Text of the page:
7. Stimulate

    2+ Year Member

    Joined:
    Nov 9, 2006
    Messages:
    207
    Likes Received:
    2
    Status:
    Fellow [Any Field]
    This is excellent advice. Our pain program usually takes 1 PM&R resident each year and they have always rotated through for a month during residency.
     
  8. OP
    OP
    DO_2007

    DO_2007 New Member
    2+ Year Member

    Joined:
    Jul 3, 2006
    Messages:
    61
    Likes Received:
    0
    Status:
    Resident [Any Field]
    Thank you all
     
  9. mehul_25

    mehul_25 Dude!!!
    10+ Year Member

    Joined:
    Jun 25, 2000
    Messages:
    330
    Likes Received:
    0
    Status:
    Attending Physician
    The program here also usually takes at least one physiatry resident annually. Lately there has been so much internal interest that the program has had a lot of quality applicants from within. My theory on the future of availability of pain fellowships is that as the number of programs contracts (due to the inability/unwillingness to meet the new ACGME requirements) positions will become more scarce and competitive. In this new environment, anesthesia applicants will certainly have the inside track. Truly excellent physiatry applicants will also have some opportunities although many might return to non-accredited PASSOR-type fellowships. Neurology and pyschiatry residents will face a much tougher road primarily due to lack of exposure to the fellowships. Certainly the fellowships that have historically considered non-anesthesia applicants will continue to do so, but I feel that the new requirements actually will make it more difficult for everyone but anesthesia. With regards to IM, FP, etc. I am not sure what program will truly consider these applicants and honestly I am not certain they should be considered particularly at the expense of good anesthesia or physiatry applicants.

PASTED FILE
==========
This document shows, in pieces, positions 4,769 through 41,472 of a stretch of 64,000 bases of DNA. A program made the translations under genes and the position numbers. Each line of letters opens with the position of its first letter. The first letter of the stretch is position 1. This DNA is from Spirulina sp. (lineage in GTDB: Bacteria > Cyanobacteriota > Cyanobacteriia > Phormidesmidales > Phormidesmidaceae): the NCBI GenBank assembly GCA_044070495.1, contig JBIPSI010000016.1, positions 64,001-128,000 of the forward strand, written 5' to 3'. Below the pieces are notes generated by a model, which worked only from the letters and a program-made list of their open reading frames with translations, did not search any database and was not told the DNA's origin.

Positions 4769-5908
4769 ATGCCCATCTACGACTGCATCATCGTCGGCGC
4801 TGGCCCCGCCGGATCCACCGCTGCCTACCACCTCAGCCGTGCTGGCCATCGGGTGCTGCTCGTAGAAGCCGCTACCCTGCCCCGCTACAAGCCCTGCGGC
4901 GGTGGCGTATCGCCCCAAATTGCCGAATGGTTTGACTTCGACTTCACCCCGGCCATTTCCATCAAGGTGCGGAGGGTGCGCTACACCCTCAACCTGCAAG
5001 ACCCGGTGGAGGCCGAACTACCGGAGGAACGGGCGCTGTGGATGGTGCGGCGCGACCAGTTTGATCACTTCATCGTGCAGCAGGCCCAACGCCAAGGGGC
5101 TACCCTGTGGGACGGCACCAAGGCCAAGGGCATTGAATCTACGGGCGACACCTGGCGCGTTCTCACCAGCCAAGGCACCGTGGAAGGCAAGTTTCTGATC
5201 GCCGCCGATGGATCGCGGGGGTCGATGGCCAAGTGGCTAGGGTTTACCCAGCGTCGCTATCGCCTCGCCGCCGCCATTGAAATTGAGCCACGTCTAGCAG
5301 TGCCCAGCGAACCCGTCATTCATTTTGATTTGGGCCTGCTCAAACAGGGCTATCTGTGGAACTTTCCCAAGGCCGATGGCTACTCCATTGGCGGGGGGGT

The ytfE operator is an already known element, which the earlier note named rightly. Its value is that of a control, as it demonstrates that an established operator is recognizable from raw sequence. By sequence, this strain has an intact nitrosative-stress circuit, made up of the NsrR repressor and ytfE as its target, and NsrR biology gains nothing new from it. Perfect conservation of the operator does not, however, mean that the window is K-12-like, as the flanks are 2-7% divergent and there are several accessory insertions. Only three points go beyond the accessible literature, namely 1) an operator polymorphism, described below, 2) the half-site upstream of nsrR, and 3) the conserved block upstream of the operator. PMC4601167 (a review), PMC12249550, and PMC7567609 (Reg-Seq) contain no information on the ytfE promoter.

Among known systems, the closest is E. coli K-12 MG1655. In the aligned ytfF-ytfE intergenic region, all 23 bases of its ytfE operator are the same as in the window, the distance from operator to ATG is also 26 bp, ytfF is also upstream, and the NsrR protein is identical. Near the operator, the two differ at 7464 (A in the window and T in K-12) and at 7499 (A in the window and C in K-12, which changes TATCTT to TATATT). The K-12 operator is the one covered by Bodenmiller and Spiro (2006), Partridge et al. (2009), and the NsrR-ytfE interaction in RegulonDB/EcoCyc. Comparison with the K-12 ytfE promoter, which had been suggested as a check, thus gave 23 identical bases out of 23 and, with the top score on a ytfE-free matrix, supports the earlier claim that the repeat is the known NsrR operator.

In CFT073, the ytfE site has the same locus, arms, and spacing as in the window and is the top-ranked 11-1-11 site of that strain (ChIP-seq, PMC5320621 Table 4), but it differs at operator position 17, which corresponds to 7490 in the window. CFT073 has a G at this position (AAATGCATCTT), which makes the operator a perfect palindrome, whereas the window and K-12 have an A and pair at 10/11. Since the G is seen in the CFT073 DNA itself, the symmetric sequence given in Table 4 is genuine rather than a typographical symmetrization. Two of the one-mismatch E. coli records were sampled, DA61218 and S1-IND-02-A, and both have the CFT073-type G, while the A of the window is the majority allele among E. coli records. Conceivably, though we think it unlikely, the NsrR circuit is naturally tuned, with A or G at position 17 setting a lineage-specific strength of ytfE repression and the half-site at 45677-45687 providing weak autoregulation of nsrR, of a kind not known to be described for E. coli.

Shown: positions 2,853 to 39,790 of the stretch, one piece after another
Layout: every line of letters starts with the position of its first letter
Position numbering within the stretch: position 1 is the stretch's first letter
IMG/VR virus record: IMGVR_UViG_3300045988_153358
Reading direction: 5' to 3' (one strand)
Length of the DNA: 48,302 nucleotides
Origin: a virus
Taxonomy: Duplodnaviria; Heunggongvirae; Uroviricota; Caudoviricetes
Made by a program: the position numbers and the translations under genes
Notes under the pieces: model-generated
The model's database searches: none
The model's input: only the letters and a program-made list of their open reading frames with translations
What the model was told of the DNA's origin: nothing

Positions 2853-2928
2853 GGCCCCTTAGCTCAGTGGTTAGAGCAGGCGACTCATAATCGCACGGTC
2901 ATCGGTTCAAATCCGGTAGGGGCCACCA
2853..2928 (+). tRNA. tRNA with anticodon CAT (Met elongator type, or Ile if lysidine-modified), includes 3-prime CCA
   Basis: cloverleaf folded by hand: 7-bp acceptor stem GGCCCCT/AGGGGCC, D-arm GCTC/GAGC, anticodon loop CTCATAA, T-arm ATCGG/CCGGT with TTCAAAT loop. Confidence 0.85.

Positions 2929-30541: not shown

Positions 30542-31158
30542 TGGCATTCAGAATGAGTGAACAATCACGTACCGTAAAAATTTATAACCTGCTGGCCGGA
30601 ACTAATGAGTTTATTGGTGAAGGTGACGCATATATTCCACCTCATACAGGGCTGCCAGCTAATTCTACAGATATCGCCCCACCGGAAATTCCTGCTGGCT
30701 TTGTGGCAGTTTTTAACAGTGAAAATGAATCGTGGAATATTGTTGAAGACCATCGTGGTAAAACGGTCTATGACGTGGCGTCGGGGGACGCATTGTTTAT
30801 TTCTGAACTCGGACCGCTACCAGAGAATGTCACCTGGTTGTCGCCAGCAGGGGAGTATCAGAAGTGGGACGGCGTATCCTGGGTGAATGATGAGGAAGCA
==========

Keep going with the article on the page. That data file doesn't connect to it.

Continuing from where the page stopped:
The advice previously posted on this thread is very accurate. Good LORs, Some research (abstracts, publications), leadership (chief, national organizations), solid in-training/SAE scores, reasonable USMLE scores, reputation of your training institution are all factors that various programs consider. Rotating within your home institition's pain program is of utmost importance as it might land you a position or generate a very strong letter on your behalf. In the end optimizing this combination of factors might be a key to obtaining a fellowship position.
     
    Stop hovering to collapse... Click to collapse... Hover to expand... Click to expand...
  10. Ligament

    Ligament Interventional Pain Management
    Physician Lifetime Donor Verified Account 10+ Year Member

    Joined:
    Jan 8, 2002
    Messages:
    4,822
    Likes Received:
    1,205
    Status:
    Attending Physician
    I FULLY agree with Mehul, *especially* the first paragraph. I suspect the new ACGME rules were initiated to shrink the number of pain fellowships out there over time.